Households with fewer savings are more vulnerable to the potential economic loss following Covid-19 confinement measures, according to a new JRC analysis.
Low-income workers, younger adults and those working in the construction, accommodation and food sectors in particular are disproportionately at risk of not being able to sustain their consumption level, pay their rent or reimburse their mortgage unless they receive financial assistance.
Following the COVID-19 crisis, policy makers in almost all member states have implemented confinement measures that limit economic and social activities.
While necessary to contain the spread of the virus, these measures directly translate into income or job loss for some households. The availability of liquid savings is an essential buffer to endure a lockdown and avoid falling into poverty.
This JRC study helps to identify vulnerable groups of households in need of financial support.
The analysis provides evidence of household financial resilience capabilities and economic loss exposure risks, based on an analysis of financial buffers. JRC experts considered:
- the share of households with less than 1000 euros (or equivalent) in liquid savings across countries;
- how this share is distributed across income and age groups;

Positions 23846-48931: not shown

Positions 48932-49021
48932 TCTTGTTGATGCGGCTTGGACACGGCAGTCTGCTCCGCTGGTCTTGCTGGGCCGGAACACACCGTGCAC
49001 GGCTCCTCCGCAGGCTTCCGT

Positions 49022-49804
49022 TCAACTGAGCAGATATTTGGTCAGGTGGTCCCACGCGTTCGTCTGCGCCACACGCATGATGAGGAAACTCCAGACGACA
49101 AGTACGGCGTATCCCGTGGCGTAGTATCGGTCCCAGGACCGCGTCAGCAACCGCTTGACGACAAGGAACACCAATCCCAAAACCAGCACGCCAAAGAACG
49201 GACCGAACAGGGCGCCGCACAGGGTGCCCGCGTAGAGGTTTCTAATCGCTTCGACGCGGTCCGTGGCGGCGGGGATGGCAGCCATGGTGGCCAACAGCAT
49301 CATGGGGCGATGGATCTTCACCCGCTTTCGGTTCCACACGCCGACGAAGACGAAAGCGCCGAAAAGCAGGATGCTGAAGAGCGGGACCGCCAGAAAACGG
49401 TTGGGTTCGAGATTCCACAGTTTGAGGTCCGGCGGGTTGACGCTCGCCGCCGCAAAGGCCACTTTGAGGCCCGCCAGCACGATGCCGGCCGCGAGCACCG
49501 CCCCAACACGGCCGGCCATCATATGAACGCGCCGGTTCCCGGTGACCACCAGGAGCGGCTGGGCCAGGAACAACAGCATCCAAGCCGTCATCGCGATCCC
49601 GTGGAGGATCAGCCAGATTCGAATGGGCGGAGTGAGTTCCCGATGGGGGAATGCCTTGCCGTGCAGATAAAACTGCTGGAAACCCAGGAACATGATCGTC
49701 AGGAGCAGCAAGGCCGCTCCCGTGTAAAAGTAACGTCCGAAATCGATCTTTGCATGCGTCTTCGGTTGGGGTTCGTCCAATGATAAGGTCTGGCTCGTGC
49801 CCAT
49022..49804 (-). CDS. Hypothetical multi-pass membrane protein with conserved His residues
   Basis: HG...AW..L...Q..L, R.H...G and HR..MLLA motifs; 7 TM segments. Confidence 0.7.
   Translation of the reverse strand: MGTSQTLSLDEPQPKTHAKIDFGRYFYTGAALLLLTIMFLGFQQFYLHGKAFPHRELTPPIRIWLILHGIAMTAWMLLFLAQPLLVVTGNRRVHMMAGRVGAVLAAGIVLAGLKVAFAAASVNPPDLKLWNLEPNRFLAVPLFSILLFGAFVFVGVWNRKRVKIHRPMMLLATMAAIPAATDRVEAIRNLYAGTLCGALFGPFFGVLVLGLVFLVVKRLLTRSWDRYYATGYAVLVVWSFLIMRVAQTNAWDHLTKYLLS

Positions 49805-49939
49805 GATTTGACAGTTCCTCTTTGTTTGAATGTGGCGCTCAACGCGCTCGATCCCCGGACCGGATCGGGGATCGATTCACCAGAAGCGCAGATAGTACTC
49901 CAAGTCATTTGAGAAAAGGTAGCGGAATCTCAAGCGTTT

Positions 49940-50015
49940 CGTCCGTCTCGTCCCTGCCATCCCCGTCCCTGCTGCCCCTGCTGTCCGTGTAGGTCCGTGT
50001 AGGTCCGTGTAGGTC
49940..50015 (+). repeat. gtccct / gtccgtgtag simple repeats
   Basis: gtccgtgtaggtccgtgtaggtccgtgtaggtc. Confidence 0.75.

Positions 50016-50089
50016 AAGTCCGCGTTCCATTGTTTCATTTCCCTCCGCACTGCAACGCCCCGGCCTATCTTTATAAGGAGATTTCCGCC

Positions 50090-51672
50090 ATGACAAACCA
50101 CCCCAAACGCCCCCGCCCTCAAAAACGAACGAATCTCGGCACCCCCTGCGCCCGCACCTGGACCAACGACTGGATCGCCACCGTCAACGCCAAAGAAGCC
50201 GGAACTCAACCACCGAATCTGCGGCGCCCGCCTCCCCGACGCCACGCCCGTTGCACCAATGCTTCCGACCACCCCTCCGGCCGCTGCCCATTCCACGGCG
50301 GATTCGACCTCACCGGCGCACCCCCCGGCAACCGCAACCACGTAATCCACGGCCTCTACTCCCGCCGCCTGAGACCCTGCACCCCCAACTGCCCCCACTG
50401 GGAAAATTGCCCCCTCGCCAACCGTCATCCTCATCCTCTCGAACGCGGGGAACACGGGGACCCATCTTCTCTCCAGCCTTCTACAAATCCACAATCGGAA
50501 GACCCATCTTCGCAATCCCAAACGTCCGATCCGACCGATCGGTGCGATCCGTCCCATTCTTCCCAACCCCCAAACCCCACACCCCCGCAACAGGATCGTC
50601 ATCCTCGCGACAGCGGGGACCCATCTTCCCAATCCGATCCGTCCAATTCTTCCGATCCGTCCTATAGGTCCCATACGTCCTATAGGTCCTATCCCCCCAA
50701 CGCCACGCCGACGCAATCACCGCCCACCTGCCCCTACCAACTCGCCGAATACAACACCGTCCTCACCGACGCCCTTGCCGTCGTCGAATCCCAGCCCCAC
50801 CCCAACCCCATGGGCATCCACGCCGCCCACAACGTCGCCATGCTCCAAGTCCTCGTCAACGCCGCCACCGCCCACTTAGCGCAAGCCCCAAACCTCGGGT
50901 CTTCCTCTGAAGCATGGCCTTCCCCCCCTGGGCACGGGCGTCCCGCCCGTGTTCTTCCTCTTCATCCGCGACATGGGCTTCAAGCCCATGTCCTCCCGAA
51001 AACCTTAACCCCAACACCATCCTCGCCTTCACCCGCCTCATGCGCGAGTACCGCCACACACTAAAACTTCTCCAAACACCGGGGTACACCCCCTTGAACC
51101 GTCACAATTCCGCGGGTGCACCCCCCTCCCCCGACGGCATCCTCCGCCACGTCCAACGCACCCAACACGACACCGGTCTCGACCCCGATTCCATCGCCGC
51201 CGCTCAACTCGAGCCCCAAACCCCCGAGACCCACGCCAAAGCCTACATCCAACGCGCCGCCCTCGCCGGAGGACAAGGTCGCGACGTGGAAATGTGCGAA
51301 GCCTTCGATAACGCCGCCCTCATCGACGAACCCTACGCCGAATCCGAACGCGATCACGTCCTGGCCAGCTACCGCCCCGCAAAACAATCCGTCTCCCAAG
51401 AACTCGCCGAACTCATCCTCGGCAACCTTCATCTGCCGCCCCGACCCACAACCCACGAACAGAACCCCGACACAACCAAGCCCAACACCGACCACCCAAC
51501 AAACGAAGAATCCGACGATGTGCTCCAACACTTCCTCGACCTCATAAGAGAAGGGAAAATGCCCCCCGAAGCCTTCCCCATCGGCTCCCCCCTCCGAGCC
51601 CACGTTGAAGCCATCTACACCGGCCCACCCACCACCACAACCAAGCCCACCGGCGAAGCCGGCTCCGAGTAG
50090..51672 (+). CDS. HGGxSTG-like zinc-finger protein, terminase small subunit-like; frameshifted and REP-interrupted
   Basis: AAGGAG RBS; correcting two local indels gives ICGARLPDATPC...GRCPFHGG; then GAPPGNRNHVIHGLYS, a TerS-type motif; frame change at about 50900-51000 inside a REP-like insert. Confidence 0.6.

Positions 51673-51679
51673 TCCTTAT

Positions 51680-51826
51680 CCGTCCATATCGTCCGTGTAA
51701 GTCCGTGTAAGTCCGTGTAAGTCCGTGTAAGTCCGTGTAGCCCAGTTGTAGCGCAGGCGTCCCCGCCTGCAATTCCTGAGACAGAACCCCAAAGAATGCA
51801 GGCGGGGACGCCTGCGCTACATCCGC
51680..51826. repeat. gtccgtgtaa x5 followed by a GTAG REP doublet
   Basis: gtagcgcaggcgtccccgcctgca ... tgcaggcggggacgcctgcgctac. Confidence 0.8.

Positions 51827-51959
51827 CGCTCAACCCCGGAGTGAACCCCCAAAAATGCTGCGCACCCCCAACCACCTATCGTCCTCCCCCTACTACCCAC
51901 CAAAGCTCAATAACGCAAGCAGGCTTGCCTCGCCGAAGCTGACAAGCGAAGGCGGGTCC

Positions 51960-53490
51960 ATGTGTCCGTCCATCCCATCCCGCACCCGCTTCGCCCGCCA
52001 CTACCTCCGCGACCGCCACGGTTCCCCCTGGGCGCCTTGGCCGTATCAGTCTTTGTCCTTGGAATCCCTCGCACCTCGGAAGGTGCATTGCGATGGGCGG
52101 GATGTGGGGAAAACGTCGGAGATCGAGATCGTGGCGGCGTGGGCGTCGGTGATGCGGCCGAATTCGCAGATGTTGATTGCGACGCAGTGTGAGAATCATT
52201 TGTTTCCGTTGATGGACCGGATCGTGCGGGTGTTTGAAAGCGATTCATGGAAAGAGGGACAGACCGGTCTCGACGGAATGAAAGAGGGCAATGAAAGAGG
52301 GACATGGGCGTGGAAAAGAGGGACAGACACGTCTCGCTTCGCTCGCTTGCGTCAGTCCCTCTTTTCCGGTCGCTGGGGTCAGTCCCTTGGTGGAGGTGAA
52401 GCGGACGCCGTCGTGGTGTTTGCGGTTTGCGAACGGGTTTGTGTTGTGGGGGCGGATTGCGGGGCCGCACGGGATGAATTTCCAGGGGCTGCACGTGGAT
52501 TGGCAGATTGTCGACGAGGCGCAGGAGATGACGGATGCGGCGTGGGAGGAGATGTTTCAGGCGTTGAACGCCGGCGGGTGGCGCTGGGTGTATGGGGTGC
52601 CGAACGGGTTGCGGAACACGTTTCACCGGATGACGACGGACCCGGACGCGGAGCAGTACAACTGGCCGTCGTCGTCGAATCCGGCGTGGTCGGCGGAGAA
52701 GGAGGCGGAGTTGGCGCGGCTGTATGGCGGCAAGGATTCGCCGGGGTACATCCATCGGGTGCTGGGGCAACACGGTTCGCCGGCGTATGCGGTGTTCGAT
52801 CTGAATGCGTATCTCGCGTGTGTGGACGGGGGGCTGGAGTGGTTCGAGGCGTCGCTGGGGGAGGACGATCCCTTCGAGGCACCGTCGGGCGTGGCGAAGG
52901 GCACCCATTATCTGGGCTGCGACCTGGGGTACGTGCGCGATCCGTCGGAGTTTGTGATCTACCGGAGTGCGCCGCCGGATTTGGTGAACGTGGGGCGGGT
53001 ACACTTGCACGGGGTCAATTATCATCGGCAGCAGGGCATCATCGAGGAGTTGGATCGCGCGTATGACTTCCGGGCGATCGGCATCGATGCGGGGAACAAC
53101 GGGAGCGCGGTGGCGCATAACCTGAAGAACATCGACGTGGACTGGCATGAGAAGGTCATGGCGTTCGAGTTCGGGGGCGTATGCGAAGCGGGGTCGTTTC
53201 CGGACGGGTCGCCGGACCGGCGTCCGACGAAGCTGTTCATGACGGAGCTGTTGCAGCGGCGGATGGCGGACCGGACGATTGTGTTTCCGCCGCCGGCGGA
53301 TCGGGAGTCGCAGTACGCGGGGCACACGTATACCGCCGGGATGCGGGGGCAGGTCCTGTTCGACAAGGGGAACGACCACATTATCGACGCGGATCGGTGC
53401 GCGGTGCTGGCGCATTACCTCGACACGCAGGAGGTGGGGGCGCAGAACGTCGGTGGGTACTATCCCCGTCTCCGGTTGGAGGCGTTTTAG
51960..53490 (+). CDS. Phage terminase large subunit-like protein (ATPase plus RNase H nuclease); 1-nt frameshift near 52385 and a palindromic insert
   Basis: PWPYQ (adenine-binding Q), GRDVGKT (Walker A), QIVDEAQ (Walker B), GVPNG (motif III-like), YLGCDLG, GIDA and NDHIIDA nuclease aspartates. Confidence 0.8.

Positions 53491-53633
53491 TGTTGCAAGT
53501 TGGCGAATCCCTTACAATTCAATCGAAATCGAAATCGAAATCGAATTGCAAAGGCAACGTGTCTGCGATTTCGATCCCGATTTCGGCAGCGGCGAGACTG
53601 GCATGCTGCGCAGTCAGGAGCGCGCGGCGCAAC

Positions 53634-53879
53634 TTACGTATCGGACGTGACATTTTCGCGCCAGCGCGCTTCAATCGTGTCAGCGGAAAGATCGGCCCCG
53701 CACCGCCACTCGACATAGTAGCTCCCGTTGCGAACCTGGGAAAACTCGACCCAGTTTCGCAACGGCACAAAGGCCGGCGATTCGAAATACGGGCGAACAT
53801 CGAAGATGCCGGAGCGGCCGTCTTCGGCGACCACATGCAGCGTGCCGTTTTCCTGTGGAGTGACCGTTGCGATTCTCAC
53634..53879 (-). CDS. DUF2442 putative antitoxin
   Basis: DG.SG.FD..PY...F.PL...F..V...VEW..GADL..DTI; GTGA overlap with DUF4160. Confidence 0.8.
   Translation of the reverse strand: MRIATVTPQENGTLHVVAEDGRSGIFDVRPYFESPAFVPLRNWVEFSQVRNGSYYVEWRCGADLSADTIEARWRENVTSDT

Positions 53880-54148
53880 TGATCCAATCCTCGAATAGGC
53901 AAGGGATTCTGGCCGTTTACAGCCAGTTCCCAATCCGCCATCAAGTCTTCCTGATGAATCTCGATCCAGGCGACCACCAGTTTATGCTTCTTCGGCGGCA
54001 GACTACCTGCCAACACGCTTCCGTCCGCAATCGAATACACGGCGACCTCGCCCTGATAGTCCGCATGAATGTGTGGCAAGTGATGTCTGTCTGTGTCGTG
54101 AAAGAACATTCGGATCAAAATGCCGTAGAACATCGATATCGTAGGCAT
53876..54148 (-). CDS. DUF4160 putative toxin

- the size of the buffer stock of savings in terms of gross monthly income that households have at their disposal and its distribution across income and age;
- the sectors of the economy in which household heads are employed.
The authors found that in most EU countries, the fraction of households with relatively low savings is at least 20% of the population.
The fraction of households with zero or negative liquid assets is particularly sizeable in Italy, Cyprus and in Central and Eastern Europe.
They also found that the lower income groups and the younger age groups are particularly vulnerable to being left without any assets as they have smaller buffers of savings, if any.
Households working in construction, wholesale and retail trade and in the accommodation and food services sector are also amongst the most vulnerable as they tend to have accumulated smaller financial buffers and might suffer from a lockdown of these sectors.
The JRC study’s conclusions are preliminary at this stage. The assessment of the COVID-19 crisis across different countries is a complex endeavour.
It depends not only on the liquid resources available to the private sector, but also on the different provision of public services and on the generosity of pensions, on the degree of redistribution, on the presence of unemployment benefits and on other automatic stabilisers.
Finally, the effectiveness of financial buffers also depends on the extent of available in-kind benefits, for example, free health care and childcare or training opportunities that some EU countries offer.
The evidence for the analysis is provided by the recently published 3rd wave of the Household Finance and Consumption Survey, conducted by the national central banks of the Eurosystem and a number of statistical institutes.
The HFCS collects household-level data on households’ finances and consumption for all euro area countries and Croatia, Hungary and Poland. The fieldwork took place for most countries in 2017. Anonymised microdata from the third wave was made available to researchers in March 2020. The 2017 data for Spain are not published yet
- Data tal-pubblikazzjoni
- 17 Ġunju 2020